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If you can forgive John Lyde and Matthew Reese their lack of resources, then “The Eleventh Hour” is not a bad way to spend 90 minutes. It’s actually a very good action film, and had the duo been in possession of, say, 10% of your average Hollywood budget, they could have produced something special. Alas, the (lack of) budget is a major source of constraint for the duo, and so instead of a globe-hopping thriller about an ex-Navy SEAL who returns home shattered and broken, only to have his past come back to grab him by the throat and send him off on an assassination run, we instead have a film set in an unnamed Midwestern town where, it would appear, running gunfights that last the better part of the day don’t get reported.
“The Eleventh Hour” stars Matthew Reese as Michael Adams, a former Navy SEAL who, during a mission in North Korea to free some Japanese hostages, is taken captive and left behind, believed dead by his squad. Fast-forward to 5 years later, and Michael is back in the States, but nowhere near his old self. His marriage to uber hot redhead Rachel (Jennifer Klekas) has broken down, and Michael sees a shrink on a regular basis to help him get over his torture-filled past at the hands of the North Korean. Alas, our hero’s past soon resurfaces when the same North Korean General (Scott Chun) who administered those not-so-nice prison visits from Michael’s captive days show up to force Michael to kill a visiting Senator (K. Danor Gerald).
As leverage, the General has implanted a small explosive device in the skull of Michael’s beloved Rachel, and will remote detonate the boom-boom maker unless he takes out his target. To further complicate matters, the target is one Mason Chambers, Michael’s former Navy SEALs commanding officer, and the man who led that ill-fated mission five years ago. Once Chambers’ Chief of Staff gets wind of the assassination plot and Michael’s name surfaces, the politico sends a never-ending supply of muscled goons to take Michael out. What’s a soldier suffering from a crazy amount of PTSD to do? Bust some heads, break some legs, and go on the run, of course. Luckily for Michael, running from death squads tend to bring one closer to one’s estranged soulmate, so there’s that.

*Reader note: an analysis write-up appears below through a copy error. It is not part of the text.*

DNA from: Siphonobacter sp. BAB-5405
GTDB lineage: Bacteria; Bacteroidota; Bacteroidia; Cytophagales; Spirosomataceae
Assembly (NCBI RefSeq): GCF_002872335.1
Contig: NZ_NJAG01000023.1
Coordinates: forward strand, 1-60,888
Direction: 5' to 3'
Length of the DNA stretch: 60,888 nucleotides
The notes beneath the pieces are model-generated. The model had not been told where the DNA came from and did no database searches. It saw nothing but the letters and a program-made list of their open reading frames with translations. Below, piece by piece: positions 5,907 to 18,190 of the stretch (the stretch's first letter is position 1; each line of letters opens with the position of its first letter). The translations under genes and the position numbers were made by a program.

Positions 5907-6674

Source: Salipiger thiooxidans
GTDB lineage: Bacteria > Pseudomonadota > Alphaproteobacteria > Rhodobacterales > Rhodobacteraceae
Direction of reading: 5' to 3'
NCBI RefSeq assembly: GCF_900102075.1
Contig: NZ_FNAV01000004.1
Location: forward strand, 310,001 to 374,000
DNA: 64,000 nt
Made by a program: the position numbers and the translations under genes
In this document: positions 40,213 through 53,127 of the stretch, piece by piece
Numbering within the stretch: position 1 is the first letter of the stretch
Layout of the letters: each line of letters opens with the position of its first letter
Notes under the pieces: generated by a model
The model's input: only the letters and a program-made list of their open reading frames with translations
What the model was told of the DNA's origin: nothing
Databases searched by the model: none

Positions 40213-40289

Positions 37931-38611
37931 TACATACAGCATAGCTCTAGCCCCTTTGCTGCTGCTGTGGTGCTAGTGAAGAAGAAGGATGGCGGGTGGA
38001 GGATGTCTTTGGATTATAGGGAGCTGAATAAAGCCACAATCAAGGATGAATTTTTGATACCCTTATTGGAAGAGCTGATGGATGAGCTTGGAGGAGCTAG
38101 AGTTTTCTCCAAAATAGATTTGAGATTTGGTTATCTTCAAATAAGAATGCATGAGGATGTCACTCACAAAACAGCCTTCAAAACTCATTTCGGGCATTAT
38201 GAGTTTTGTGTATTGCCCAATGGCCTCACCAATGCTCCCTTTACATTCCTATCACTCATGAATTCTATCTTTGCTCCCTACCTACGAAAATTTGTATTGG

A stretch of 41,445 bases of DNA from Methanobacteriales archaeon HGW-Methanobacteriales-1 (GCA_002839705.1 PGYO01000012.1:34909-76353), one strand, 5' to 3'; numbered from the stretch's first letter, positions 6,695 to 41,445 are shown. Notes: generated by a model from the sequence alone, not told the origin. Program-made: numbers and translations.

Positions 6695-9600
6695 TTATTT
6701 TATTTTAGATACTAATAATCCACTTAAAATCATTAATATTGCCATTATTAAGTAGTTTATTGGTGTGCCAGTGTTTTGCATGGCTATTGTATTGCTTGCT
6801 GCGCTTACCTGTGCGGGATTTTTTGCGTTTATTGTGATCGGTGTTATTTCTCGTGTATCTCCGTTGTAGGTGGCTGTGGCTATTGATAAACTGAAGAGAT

“The Eleventh Hour” moves at a very fast clip, and most of the 90 minutes of running time is taken up with Michael and Rachel on the run from nameless gunmen. Luckily for our hero and his plucky damsel-in-distress, their town is not a particularly nosy one, so even though Michael has gotten into fights with a squad of North Korean goons in ski masks in broad daylight, in the middle of a neighborhood street, no one calls the cops, because after the North Koreans are done giving Michael his assignment they toss him back out on the street next to his car, which is right where he left it. Later, a long gunfight in broad daylight that takes place from one end of town to the next goes unnoticed. I’m not saying people in this town just don’t seem to pay attention, but I am saying I’d like to know where it is so I can go grab myself a couple of stereos.